These bulbs keep the party going all summer long
Tuberose, a summer-blooming bulb with a unique fragrance, looks great in a garden or as cut flowers. (Stock imageTMS / May 23, 2013)
While these early bloomers provide us with much needed garden color after a long winter, many gardeners overlook the plethora of summer-blooming bulbs that add interest to the garden long after the last daffodil has faded away.
Summer-blooming bulbs can help fill those gaps in the garden when early flowering perennials have finished and the dog days of summer have many gardens looking tired and devoid of color.
Just like their cool-season cousins, summer bulbs are incredibly easy to incorporate into garden schemes. There are dozens of varieties to choose from, some suited for shade and others that relish the hot summer sun. Some are cold-hardy, while others hail from warm climates and must be dug at the end of the season before a freeze. Those that need to be dug are easy to store over the winter for replanting the following year.
Here are a few summer-blooming bulbs to consider adding to your garden this season:
Perhaps the queen of all garden plants, the Asiatic lily is understandably the most popular of all summer-blooming bulbs. Their large upward or sometimes outward facing flowers have an intoxicating fragrance that perfumes the air on warm summer days. They are available in a variety of pinks, reds and whites, and some are streaked with yellow or white or speckled with black spots.
Asiatic lilies vary in height depending on variety. Short and stout ones are perfect for the front of a border, while others, such as the majestic white 'Casa Blanca,' grow upwards of 5 feet tall. Asiatic lilies prefer to grow in full sun and well-drained, rich soil.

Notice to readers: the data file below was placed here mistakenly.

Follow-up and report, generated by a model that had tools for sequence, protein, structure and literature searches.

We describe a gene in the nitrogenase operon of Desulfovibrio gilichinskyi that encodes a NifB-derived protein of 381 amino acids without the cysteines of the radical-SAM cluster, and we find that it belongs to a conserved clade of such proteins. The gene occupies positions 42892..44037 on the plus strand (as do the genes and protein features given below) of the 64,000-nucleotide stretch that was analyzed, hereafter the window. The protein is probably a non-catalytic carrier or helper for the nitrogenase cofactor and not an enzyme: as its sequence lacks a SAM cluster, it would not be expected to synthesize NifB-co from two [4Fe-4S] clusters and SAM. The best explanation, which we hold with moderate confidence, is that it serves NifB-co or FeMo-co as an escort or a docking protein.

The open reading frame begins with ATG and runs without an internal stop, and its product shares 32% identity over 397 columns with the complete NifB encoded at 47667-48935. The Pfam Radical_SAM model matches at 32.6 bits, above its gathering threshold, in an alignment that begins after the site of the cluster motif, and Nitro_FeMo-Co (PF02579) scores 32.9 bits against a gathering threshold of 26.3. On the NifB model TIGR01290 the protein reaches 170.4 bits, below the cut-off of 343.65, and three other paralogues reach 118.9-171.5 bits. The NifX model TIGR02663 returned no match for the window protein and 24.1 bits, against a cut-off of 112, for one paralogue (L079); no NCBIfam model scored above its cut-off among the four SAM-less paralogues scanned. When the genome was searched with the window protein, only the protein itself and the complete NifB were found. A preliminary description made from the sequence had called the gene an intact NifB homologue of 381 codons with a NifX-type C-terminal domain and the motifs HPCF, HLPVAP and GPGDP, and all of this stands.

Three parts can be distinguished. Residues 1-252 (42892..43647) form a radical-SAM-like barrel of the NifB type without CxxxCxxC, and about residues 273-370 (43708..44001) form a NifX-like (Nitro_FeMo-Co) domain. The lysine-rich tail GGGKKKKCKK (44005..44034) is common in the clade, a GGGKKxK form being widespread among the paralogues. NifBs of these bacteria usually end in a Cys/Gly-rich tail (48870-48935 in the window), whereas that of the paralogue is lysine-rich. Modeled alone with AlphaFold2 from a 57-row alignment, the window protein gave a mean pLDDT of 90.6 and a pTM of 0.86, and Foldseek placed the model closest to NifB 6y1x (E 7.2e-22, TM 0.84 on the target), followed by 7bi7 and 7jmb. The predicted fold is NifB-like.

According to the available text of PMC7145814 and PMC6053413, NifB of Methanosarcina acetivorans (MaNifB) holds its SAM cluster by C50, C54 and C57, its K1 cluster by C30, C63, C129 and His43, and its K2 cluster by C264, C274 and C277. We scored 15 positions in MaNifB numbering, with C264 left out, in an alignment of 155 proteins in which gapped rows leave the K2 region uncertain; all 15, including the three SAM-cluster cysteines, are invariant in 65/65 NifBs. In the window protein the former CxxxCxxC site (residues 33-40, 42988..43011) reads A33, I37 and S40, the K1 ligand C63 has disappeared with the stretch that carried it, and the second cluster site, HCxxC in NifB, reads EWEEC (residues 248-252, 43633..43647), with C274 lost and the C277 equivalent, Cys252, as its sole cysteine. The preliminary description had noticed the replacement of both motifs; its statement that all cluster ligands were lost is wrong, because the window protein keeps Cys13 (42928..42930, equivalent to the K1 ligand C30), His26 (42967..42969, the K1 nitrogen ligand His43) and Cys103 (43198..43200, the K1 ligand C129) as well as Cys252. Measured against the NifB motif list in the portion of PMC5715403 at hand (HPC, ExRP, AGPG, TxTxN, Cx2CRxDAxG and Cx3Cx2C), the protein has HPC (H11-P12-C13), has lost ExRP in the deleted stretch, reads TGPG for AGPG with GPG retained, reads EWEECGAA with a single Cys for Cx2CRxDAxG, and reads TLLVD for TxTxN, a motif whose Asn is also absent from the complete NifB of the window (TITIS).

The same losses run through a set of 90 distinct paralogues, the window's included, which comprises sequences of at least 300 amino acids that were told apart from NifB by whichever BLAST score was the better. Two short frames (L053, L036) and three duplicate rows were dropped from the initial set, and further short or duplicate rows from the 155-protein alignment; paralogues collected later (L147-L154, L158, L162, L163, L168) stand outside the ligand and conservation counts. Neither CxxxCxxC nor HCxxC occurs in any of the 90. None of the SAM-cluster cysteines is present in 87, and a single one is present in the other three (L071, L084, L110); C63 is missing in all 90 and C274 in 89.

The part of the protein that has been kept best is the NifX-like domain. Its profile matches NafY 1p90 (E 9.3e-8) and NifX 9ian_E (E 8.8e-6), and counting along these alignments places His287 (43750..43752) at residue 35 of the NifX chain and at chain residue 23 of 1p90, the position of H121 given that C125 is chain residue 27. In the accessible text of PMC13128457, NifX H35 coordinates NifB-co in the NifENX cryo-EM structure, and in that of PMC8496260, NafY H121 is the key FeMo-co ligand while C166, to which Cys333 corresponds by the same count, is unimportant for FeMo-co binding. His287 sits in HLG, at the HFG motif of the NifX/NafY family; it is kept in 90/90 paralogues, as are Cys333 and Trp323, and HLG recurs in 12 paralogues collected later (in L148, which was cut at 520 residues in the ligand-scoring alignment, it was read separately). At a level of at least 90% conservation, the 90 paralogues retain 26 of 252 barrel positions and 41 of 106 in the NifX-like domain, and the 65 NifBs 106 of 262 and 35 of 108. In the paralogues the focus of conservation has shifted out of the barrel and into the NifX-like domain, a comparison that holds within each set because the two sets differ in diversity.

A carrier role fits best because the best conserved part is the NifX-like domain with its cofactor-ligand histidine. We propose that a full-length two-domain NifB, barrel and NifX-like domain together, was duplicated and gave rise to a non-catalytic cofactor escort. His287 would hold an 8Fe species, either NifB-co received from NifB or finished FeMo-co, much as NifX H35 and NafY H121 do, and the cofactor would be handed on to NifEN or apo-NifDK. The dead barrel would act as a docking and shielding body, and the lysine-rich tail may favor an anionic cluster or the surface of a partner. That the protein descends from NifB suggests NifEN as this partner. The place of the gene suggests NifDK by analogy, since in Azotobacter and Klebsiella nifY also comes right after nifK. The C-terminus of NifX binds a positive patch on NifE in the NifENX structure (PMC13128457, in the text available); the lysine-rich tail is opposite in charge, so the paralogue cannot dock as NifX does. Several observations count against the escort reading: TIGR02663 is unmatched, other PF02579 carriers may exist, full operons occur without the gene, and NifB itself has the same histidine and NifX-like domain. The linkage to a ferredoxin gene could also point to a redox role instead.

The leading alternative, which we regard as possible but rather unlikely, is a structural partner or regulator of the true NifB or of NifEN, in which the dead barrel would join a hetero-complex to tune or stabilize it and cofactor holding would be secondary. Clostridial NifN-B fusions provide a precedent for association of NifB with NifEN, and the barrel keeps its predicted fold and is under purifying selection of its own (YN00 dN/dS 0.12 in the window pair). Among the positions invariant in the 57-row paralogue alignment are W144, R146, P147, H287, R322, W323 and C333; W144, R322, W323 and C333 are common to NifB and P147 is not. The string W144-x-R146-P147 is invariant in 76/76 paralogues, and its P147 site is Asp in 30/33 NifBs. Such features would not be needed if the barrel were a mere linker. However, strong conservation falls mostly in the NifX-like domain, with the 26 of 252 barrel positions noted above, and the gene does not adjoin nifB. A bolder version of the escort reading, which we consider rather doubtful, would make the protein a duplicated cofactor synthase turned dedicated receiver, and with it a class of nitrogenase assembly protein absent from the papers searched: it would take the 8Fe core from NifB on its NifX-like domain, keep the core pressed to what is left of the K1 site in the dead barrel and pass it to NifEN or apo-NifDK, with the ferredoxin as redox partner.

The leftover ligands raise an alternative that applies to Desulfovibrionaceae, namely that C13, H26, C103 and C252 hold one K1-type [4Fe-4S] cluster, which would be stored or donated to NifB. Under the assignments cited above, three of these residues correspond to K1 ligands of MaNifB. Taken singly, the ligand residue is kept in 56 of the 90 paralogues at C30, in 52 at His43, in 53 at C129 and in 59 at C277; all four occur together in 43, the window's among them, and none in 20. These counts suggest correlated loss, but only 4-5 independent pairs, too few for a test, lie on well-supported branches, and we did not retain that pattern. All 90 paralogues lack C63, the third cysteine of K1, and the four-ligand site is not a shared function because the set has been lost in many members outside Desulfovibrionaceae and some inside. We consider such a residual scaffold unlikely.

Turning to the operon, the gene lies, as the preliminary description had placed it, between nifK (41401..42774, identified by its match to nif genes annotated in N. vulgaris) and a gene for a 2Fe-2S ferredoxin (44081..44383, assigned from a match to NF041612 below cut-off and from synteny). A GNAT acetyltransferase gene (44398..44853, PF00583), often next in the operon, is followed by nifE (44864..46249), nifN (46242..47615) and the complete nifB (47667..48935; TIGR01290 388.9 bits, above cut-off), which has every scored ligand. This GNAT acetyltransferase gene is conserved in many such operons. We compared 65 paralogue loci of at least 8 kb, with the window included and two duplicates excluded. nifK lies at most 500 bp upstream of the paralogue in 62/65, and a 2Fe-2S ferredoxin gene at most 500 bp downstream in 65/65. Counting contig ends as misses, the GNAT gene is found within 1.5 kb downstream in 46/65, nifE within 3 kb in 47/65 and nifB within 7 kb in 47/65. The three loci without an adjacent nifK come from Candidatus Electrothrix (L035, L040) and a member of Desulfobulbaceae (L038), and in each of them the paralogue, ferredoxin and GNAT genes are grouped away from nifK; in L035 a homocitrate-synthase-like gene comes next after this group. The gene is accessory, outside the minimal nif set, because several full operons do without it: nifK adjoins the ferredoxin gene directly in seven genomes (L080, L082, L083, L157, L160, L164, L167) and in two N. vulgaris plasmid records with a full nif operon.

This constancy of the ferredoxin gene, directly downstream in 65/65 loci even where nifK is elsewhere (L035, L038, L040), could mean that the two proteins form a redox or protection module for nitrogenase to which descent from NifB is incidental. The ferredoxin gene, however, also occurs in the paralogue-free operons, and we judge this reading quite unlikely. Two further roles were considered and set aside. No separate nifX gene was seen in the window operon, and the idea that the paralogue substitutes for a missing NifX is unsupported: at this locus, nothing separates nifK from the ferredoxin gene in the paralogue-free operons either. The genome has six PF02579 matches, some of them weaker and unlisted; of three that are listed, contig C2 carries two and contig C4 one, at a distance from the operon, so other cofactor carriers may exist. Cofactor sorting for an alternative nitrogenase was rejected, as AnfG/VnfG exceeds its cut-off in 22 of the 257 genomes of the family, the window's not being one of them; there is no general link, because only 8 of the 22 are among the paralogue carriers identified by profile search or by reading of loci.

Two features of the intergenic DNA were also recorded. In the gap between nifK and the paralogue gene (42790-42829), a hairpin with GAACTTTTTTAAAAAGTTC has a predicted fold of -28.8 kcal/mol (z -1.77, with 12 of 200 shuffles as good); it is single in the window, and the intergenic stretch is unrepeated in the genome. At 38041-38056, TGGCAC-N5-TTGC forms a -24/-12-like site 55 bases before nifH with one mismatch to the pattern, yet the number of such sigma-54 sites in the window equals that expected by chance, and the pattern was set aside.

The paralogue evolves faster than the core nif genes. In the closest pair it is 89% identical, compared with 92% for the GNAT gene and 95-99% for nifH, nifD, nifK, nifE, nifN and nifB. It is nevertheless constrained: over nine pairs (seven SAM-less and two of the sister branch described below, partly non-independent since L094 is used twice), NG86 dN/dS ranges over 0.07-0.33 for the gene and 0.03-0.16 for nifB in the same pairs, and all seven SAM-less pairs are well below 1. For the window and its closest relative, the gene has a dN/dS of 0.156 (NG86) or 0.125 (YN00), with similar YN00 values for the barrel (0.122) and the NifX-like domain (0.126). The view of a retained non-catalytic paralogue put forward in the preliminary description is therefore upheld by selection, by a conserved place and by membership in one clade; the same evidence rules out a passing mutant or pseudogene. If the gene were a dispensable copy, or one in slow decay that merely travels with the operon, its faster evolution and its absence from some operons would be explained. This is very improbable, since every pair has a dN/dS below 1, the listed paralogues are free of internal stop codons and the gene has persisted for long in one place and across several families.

Lilies produce roots along their stems between the bulb and the surface of the ground. This helps support these tall plants, keeping them from toppling over. To allow them ample space to grow these specialized roots, plant the bulbs 8 to 10 inches deep.
Lilies of all types prefer cool soil and therefore are well suited for planting in mixed borders, which allows other plants to shade their roots.
Another summer bulb planted for its fragrance, Polianthes tuberosa, is one of my favorites. Depending on the variety, tall stalks of either single or double creamy white flowers bloom in August in my garden.
Commonly called tuberose, the waxy flowers are popular for use in the lei making industry in Hawaii. Their fragrance is sweetly floral and unlike any other flower. Tuberoses make excellent cut flowers, producing more fragrance in the evening than during the day.
Plant the bulbs just under the surface with the tips of their necks sticking out. Tuberose love well-drained soil, full sun and hot weather, but be sure not to overwater them, as they don't like wet feet.
Although tuberose is hardy into zone 7, gardeners in colder regions should dig up the bulb before frost. Allow them to dry thoroughly in the sun and store in vermiculite or wood shavings in a cool, dark spot. Replant the following spring after the soil warms up.
Another of my favorite summer bulbs is not often seen in gardens but should be. Many gardeners are surprised to learn that there is such a thing as a hardy begonia.
Begonia grandis is winter hardy to zone 6 and possibly into zone 5 with heavy mulching. Large, green, angle-wing shaped leaves are produced on sturdy upright stalks that give rise to masses of pink flowers from midsummer to mid-fall. This small bulb prefers a location with rich, moisture-retentive soil in shade or dappled sunlight.
Begonia grandis doesn't start growing until the soil warms up, so be patient and don't give up hope. Some years, mine don't show their faces until the end of June. They grow quickly making up for lost time.
These are but a few of the many options of available to liven up the summer garden. If you have had success with spring-blooming bulbs, consider broadening your horticultural palette and carry on through the rest of the growing season.
(Sean Conway's book "Sean Conway's Cultivating Life" (Artisan Books, 2009) describes 125 projects for backyard living. http://www.cultivatinglife.com.)